Pesticides are found in the air we breathe, the food we eat, and the water we drink. They are used to kill weeds (herbicides), insects (insecticides), fungus (fungicides), rodents (rodenticides), and others. Because of overuse of pesticides and only one crop on much of the land, pests become specialized and resistant to these chemicals, which leads to more pesticides being applied. Pesticides are hazardous to human health causing reproductive and developmental problems, cancer, kidney and liver damage, and endocrine disruption.
Ethanol and Monoculture
Federal law has mandated that gasoline for cars and trucks to be mixed with an increasing amount of corn-based ethanol since 2007. Ethanol burns less carbon dioxide than refined petroleum products. This has meant that a lot of corn is grown just for fuel, not food. The environmental impacts of the “corn boom” may outweigh the benefits of the biofuel.
Since the mandate, landowners have filled-in wetlands and plowed prairies — releasing carbon dioxide that had been locked in the soil — to cash in on high corn prices. Billions of pounds of fertilizer have been sprayed onto the landscape to make it more economically productive, some of which has polluted drinking water. This has cost water ratepayers millions of dollars to clean up and treat to make the water safe to drink. This has also led to a drastic reduction in land set aside for conservation. We have allowed our rivers, lakes and streams to be contaminated to incentivize a supposedly cleaner alternative, ethanol. The consequences of corn ethanol are so severe that many scientists now reject corn-based ethanol and consider it a bad environmental policy.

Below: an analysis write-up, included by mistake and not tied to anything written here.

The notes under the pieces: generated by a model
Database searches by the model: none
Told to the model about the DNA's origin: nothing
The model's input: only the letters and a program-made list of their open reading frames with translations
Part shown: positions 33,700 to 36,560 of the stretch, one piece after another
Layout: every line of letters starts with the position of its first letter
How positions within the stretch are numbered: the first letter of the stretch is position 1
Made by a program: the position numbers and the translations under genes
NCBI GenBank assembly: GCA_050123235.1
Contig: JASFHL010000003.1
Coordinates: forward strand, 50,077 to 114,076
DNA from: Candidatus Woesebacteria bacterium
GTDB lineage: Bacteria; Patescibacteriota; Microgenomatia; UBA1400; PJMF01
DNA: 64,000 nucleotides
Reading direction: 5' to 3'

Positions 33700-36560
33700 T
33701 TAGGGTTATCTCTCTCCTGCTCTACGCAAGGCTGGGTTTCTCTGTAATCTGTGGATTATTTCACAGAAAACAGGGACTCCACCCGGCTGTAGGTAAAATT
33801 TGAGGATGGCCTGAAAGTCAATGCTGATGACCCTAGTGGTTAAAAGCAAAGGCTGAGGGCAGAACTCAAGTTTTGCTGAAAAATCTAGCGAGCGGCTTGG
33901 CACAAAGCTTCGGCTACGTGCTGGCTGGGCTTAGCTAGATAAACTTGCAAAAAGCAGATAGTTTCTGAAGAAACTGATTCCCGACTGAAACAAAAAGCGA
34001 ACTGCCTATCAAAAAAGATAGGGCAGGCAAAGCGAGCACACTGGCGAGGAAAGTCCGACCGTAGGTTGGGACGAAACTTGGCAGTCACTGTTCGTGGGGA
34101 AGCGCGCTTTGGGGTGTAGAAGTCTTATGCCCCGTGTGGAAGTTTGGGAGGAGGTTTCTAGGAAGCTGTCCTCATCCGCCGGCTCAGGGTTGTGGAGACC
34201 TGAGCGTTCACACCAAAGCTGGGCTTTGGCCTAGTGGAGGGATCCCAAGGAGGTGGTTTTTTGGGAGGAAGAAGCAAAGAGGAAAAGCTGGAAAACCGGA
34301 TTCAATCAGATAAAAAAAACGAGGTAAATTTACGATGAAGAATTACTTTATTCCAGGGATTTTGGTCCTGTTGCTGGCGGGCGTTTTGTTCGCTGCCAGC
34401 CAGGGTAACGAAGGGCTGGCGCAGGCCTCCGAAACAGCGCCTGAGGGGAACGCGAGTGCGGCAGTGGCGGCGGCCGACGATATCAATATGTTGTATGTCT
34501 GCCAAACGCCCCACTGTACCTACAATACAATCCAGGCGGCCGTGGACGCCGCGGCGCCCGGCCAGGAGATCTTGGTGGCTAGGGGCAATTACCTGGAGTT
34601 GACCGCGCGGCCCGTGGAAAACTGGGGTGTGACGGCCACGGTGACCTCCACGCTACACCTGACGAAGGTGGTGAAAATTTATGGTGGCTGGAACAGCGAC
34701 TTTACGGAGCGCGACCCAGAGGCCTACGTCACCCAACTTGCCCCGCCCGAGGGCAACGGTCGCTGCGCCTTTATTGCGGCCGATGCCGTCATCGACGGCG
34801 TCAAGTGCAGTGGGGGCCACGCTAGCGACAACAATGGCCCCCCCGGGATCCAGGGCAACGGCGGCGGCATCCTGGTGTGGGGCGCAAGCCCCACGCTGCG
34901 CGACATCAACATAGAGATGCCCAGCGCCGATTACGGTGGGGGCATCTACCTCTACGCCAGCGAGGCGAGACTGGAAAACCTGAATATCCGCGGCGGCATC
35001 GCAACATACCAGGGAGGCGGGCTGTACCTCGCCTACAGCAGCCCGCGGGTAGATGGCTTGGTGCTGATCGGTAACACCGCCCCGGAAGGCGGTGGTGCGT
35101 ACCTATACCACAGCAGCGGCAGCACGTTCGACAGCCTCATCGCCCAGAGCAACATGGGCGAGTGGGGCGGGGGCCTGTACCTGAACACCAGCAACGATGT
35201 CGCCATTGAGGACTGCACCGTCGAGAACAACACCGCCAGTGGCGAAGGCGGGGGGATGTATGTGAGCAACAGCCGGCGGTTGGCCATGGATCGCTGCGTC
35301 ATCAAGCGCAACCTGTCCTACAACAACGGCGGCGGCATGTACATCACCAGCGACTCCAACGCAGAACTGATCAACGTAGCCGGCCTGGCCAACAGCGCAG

These problems have one thing in common -- they all negatively impact our drinking water sources. This puts our health at risk and costs water ratepayers millions of dollars to clean up and make it safe to drink again. If we are going to achieve safe and affordable drinking water for everyone- especially in rural areas of Minnesota- we need to advocate for more solutions that will clean up our drinking water sources.
Solutions for industrial corporate agriculture and making change in our communities
Agriculture has played an important role in Minnesota’s history and will undoubtedly be a critical part of Minnesota’s future. Unfortunately, there are environmental challenges associated with providing food and fiber for the world.
Fortunately, there are some simple and cost effective measures that can help prevent many of these pollutants from ever reaching our waters. Some, however, are going to take much more work to implement and political will to finally address the problem that runoff from industrial farming is causing.